Order of ACEs in a DACL

When a process tries to access a securable object, the system steps through the access control entries (ACEs) in the object's discretionary access control list (DACL) until it finds ACEs that allow or deny the requested access. The access rights that a DACL allows a user could vary depending on the order of ACEs in the DACL. Consequently, the Windows XP operating system defines a preferred order for ACEs in the DACL of a securable object. The preferred order provides a simple framework that ensures that an access-denied ACE actually denies access. For more information about the system's algorithm for checking access, see How DACLs Control Access to an Object.

For Windows Server 2003 and Windows XP, the proper order of ACEs is complicated by the introduction of object-specific ACEs and automatic inheritance.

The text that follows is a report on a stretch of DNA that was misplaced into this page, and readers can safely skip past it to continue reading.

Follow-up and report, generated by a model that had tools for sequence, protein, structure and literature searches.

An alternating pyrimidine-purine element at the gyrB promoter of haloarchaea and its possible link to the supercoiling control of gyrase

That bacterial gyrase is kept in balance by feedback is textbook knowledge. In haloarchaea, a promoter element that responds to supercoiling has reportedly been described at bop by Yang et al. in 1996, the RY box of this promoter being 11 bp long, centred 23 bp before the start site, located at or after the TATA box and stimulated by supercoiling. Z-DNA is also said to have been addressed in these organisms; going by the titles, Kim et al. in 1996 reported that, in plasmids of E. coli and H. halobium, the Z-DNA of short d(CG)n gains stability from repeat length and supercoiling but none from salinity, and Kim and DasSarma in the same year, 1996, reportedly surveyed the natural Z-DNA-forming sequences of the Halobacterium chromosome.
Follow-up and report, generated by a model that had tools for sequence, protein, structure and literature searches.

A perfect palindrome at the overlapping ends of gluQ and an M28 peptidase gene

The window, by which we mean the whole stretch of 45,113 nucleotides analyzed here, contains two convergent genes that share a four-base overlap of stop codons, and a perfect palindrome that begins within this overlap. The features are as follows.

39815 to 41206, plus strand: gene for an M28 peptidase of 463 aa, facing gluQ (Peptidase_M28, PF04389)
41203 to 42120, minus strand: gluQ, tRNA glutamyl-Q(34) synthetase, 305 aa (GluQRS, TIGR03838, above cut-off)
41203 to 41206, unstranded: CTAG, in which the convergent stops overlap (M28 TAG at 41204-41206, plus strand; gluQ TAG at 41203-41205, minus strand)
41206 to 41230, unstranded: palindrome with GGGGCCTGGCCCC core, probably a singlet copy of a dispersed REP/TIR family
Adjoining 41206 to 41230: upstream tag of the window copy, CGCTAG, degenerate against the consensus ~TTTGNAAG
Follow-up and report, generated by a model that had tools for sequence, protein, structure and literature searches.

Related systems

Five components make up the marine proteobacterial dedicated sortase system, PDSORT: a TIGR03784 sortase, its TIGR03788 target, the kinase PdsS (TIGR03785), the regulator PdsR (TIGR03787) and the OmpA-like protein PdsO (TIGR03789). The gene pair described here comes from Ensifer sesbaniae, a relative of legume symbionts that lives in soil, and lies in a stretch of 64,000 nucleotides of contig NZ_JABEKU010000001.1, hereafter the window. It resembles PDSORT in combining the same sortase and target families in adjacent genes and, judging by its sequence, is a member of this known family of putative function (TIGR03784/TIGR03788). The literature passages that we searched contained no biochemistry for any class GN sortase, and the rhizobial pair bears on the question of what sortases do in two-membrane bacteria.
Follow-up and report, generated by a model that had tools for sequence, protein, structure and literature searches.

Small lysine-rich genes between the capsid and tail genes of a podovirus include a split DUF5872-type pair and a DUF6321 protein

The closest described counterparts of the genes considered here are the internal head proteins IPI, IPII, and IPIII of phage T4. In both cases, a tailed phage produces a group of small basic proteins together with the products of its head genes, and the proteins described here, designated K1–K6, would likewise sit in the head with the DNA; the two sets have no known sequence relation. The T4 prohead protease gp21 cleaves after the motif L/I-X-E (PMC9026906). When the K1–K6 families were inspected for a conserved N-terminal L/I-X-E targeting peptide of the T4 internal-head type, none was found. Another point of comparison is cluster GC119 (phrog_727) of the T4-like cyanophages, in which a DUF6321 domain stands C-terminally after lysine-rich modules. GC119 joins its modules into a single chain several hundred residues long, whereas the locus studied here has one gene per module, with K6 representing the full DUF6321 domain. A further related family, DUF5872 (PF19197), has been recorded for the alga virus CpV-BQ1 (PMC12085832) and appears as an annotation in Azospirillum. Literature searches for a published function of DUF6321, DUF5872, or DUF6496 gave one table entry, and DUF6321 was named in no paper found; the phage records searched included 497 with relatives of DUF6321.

The following steps describe the preferred order:

  1. All explicit ACEs are placed in a group before any inherited ACEs.
  2. Within the group of explicit ACEs, access-denied ACEs are placed before access-allowed ACEs.
  3. Inherited ACEs are placed in the order in which they are inherited. ACEs inherited from the child object's parent come first, then ACEs inherited from the grandparent, and so on up the tree of objects.
  4. For each level of inherited ACEs, access-denied ACEs are placed before access-allowed ACEs.

Of course, not all ACE types are required in an ACL.

Functions such as AddAccessAllowedAceEx and AddAccessAllowedObjectAce add an ACE to the end of an ACL. It is the caller's responsibility to ensure that the ACEs are added in the proper order.